Last updated


All assets other than XRP can be represented in the XRP Ledger as tokens.

Standard tokens are fungible: meaning, all units of that token are interchangeable and indistinguishable. Tokens can be used for cross-currency payments and can be traded in the decentralized exchange.

Note: Tokens on the XRP Ledger have also been called "IOUs" (as in I-owe-you) and "issued currencies" in the past. However, these terms are not preferred because they do not cover the full range of digital assets that XRP Ledger tokens can represent.

Tokens can also be non-fungible. Non-fungible tokens (NFTs) serve to encode ownership of unique physical, non-physical, or purely digital goods, such as works of art or in-game items.

See Fungible Tokens and Non-fungible Tokens.


Stablecoins are a common model for tokens in the XRP Ledger. The issuer holds assets of value outside of the XRP Ledger, and issues tokens representing the equivalent value on the ledger.

See Stablecoins.

Community Credit

Another way you can use the XRP Ledger is for "community credit", a system where individuals who know each other can use the XRP Ledger to track who owes whom how much money. One feature of the XRP Ledger is that it can automatically and atomically use these debts to settle payments through rippling.

For more on this type of usage, see paths.

Other Tokens

There are other use cases for tokens issued in the XRP Ledger. For example, you can create an "Initial Coin Offering" (ICO) by issuing a fixed amount of currency to a secondary address, then "throwing away the key" to the issuer.

Warning: ICOs might be regulated as securities in the USA.

Be sure to research the relevant regulations before engaging in any financial service business.

Token Properties

Tokens in the XRP Ledger are fundamentally different than XRP. Tokens always exist in trust lines, and all transfers of tokens move along trust lines. You cannot cause someone else's account to hold more of a token than the limit configured on their trust line. (You can cause your own trust line to go over the limit, for example by buying more of it in the decentralized exchange or by decreasing the limit after you already have a positive balance.)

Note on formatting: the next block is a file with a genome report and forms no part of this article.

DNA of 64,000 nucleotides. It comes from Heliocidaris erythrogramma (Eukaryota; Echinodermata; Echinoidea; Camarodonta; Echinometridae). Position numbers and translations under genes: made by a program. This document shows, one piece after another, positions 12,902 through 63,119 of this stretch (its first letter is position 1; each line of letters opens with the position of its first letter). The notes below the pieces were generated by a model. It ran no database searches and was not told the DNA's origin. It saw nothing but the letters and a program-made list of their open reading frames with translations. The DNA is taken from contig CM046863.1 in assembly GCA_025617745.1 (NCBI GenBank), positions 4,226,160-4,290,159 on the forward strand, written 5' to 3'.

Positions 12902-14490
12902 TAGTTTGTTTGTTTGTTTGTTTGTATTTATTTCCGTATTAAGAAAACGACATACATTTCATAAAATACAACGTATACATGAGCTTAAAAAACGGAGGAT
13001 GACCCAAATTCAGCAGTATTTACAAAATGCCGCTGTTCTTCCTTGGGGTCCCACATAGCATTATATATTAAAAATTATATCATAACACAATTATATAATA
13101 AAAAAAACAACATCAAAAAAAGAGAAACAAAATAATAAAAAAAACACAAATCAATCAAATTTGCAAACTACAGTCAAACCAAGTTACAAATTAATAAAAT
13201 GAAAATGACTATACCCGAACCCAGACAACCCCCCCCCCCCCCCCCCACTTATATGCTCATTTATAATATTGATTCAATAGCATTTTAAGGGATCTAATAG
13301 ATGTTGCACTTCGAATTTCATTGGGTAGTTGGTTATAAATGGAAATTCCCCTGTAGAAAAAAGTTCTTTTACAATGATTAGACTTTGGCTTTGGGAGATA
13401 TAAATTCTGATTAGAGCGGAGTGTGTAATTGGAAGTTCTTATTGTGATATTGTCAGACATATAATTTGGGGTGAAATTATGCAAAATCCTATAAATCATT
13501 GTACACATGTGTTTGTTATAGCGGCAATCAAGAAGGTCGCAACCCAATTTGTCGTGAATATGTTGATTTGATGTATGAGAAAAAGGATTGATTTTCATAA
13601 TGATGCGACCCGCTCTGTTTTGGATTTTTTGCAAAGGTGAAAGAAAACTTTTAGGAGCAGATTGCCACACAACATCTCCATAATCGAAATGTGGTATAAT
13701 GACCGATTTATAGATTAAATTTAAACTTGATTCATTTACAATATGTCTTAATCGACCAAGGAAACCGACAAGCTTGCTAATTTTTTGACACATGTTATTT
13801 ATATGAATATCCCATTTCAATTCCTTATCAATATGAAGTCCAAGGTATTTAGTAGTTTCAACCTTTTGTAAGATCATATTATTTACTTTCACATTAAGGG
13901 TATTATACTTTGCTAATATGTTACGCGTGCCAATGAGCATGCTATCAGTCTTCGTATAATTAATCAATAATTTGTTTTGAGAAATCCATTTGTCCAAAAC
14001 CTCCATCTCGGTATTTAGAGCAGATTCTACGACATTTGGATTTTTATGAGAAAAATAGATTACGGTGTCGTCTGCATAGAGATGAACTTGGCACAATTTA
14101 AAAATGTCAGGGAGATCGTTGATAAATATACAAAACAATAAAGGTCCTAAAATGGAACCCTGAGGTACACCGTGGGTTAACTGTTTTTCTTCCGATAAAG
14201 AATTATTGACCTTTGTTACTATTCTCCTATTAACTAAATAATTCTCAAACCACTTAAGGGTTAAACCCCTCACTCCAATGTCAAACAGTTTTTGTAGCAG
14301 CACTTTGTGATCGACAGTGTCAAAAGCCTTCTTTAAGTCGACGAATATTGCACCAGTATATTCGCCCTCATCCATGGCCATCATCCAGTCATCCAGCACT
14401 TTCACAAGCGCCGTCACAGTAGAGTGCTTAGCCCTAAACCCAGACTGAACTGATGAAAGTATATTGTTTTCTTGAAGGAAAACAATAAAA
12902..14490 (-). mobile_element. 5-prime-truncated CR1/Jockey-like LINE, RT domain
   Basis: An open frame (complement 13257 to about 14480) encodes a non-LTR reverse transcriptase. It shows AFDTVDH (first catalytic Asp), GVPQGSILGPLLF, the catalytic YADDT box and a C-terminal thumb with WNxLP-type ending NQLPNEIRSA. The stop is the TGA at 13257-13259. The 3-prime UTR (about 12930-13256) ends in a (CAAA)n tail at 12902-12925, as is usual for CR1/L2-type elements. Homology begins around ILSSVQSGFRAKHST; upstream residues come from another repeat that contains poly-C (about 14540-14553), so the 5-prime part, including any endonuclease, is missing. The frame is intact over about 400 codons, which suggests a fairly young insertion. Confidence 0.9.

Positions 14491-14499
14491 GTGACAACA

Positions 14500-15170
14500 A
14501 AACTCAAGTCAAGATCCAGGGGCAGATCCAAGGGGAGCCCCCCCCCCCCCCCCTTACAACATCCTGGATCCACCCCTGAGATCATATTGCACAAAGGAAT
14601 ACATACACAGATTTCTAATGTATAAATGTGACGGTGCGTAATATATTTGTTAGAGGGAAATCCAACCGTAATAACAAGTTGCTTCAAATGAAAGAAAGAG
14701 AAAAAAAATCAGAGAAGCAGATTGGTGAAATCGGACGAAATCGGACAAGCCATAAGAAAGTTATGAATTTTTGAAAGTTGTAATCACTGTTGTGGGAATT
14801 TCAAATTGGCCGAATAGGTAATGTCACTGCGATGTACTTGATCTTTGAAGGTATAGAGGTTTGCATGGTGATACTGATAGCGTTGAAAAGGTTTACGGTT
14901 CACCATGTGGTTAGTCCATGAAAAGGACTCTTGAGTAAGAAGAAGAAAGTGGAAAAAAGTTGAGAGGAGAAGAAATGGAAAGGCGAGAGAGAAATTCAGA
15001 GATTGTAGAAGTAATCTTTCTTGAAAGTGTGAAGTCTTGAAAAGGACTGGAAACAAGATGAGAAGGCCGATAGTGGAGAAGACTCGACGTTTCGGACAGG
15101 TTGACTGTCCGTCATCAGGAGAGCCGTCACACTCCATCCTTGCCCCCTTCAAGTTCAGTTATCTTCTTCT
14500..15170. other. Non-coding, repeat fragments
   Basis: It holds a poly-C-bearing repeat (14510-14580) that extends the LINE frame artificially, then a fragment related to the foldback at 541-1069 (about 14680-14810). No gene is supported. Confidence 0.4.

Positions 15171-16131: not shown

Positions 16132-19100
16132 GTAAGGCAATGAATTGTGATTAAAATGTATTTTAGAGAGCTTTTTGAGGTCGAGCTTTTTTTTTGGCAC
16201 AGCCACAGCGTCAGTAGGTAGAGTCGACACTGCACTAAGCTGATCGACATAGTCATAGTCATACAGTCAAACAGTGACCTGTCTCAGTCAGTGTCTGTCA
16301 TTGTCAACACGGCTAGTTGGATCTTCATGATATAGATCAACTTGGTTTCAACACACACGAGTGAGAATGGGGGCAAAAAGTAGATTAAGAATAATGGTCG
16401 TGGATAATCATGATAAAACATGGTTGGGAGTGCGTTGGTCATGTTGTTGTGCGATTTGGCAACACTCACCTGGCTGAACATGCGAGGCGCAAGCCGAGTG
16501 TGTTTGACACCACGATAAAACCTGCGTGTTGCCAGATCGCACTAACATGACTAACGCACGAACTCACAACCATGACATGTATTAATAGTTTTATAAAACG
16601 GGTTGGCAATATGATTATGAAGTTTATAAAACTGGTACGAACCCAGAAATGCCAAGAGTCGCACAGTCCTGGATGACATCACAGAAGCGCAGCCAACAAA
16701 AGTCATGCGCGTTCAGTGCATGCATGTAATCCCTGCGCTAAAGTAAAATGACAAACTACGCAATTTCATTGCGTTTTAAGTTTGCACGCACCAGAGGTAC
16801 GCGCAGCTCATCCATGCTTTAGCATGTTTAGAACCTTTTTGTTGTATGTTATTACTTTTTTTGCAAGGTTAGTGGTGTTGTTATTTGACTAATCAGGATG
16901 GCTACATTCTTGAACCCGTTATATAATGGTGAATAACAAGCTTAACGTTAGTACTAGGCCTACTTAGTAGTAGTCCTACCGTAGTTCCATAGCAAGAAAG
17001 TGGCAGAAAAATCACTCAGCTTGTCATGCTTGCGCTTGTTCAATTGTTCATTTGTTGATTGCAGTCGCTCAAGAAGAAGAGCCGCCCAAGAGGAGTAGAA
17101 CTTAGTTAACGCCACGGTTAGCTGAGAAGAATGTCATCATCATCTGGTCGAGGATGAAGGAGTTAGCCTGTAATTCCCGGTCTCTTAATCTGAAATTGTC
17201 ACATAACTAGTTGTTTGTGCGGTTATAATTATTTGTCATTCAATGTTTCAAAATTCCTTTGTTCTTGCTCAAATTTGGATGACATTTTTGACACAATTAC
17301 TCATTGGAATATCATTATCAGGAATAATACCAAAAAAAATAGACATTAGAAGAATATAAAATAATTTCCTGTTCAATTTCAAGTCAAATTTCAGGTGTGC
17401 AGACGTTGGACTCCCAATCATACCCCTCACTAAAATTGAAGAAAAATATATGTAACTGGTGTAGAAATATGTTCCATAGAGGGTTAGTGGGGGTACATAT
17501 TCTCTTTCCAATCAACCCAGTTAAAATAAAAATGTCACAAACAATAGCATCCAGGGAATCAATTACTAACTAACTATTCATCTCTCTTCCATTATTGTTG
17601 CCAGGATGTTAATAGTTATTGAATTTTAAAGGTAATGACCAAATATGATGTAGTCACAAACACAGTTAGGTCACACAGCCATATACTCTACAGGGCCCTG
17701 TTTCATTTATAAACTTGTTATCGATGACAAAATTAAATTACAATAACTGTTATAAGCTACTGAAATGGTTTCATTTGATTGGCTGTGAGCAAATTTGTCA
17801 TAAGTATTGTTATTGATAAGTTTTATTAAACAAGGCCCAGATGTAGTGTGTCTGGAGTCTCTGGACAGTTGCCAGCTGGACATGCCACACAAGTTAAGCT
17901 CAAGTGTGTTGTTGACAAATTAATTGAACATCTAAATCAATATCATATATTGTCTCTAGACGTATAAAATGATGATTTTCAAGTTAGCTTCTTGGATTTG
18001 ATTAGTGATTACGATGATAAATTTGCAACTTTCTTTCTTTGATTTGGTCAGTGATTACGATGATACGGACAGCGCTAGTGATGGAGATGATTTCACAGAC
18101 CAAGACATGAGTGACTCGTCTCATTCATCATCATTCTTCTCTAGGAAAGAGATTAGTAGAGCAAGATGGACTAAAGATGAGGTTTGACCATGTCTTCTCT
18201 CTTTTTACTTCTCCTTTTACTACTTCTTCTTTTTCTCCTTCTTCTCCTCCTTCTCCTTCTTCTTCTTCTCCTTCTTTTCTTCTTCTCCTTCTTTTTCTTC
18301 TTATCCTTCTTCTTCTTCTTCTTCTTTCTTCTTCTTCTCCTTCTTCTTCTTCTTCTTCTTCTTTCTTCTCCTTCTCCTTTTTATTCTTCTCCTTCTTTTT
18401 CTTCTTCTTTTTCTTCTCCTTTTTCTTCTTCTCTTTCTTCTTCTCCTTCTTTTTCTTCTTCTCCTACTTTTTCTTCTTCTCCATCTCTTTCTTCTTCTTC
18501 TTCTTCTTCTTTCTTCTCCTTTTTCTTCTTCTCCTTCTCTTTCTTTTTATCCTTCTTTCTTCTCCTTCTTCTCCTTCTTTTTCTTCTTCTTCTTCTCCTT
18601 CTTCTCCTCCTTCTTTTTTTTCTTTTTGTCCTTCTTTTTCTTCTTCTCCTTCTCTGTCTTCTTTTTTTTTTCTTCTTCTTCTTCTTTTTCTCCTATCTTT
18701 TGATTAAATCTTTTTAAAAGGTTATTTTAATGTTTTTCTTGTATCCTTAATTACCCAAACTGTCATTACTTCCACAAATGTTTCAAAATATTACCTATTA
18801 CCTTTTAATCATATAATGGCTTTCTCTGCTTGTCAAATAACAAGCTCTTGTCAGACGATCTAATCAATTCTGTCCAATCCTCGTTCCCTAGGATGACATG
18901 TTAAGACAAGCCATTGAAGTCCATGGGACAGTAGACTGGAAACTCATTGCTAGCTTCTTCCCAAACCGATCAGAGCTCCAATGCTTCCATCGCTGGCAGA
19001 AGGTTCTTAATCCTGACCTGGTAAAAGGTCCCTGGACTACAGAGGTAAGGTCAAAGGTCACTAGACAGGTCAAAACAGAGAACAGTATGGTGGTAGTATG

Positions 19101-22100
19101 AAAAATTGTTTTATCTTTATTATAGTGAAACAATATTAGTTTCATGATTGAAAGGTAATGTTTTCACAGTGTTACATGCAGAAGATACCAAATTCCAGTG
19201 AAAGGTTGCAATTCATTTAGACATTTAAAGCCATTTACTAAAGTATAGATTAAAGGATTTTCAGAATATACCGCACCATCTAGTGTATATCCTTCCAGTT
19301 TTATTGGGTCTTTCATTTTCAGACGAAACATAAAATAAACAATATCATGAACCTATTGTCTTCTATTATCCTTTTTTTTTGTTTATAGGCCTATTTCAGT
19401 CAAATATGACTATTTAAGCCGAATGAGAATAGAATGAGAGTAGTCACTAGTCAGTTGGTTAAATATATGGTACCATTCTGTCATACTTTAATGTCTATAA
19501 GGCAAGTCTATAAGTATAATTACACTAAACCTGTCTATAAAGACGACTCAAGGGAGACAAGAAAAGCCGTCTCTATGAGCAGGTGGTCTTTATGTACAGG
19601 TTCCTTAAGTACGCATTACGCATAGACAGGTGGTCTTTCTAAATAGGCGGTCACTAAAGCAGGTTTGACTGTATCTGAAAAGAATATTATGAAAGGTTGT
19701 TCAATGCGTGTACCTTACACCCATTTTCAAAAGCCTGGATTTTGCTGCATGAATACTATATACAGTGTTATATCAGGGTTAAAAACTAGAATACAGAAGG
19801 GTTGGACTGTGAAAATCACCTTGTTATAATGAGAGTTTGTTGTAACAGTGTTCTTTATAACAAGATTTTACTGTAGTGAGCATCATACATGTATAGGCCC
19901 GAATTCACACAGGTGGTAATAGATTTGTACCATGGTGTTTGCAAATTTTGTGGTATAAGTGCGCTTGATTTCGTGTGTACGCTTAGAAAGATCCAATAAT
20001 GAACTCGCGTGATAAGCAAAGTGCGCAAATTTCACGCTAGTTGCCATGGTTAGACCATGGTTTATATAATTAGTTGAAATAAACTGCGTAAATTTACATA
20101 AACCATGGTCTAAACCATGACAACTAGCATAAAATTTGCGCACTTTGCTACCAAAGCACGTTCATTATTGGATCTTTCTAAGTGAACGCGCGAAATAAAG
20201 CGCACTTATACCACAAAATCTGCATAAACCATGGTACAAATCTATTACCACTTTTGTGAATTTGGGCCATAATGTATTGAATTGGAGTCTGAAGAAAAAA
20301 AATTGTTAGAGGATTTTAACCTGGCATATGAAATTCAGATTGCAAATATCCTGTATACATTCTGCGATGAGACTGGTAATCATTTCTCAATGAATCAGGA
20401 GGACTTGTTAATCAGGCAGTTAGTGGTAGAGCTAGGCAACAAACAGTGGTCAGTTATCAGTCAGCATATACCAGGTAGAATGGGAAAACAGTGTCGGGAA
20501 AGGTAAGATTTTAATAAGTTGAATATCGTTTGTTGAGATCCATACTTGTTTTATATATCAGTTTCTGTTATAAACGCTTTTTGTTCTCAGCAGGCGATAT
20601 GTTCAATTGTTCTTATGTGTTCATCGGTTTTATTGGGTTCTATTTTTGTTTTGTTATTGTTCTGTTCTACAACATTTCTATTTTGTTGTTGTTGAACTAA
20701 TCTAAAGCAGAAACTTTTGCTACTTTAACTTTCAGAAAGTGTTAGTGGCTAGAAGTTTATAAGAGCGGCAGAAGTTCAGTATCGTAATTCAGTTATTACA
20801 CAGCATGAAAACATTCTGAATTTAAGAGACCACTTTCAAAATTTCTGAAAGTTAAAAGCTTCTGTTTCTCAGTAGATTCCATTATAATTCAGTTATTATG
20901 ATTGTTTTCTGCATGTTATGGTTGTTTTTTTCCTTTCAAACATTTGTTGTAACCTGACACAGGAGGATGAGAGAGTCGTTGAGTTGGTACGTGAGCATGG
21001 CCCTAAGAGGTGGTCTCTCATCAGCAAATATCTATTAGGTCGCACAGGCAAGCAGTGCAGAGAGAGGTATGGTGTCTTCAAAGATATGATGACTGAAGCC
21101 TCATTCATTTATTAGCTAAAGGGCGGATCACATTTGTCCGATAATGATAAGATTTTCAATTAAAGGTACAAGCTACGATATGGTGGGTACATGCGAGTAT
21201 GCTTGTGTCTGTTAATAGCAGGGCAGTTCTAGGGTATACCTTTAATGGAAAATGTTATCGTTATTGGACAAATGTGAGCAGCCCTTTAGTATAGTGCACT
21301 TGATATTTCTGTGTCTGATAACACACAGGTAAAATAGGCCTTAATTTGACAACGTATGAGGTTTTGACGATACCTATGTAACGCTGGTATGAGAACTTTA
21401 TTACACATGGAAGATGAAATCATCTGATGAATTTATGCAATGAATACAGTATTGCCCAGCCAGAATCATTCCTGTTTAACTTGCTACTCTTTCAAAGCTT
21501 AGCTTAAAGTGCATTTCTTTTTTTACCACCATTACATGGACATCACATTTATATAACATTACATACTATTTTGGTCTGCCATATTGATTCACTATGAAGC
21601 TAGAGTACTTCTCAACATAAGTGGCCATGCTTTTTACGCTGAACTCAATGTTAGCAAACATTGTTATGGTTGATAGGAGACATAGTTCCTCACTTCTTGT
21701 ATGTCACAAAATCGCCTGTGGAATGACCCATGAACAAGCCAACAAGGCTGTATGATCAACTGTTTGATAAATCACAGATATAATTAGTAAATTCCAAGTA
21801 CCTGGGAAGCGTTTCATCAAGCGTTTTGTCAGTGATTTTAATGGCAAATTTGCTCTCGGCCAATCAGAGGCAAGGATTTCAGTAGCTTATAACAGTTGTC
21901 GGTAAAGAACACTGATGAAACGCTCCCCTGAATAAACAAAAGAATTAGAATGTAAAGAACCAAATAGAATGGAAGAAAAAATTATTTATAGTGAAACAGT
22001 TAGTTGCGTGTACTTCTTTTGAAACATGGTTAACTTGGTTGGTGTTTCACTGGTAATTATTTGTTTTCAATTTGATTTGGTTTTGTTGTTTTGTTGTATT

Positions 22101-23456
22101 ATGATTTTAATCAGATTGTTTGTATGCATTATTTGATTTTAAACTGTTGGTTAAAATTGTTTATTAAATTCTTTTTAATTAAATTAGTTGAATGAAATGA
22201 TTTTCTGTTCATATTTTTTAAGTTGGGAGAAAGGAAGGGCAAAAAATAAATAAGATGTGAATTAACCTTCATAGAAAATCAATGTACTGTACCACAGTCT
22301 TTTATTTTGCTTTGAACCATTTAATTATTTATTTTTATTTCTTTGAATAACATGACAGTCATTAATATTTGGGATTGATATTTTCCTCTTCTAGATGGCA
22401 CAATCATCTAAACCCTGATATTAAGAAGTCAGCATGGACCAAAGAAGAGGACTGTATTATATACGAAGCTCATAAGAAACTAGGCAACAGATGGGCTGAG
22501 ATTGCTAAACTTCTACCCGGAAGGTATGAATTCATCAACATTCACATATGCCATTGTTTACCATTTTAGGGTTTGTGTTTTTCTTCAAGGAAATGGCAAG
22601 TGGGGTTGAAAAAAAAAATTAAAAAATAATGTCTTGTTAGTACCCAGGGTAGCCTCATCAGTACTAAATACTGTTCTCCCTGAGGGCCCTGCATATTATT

Anyone can issue tokens by sending a Payment transaction if the necessary trust lines are in place. You can "burn" tokens by sending them back to the issuer. In some cases, cross-currency payments or trades can also create more tokens according to an issuer's settings.

Issuers have options with tokens that are not available with XRP. Issuers can charge a transfer fee that is automatically deducted when users transfer their tokens. Issuers can also define a tick size for exchanges rates involving their tokens. Both issuers and regular accounts can freeze trust lines, which limits how the tokens in those trust lines can be used.

Tokens use decimal (base-10) math with 15 digits of precision and an exponent that allows them to express very large values (up to 9999999999999999 × 1080) and very small values (down to 1.0 × 10-81).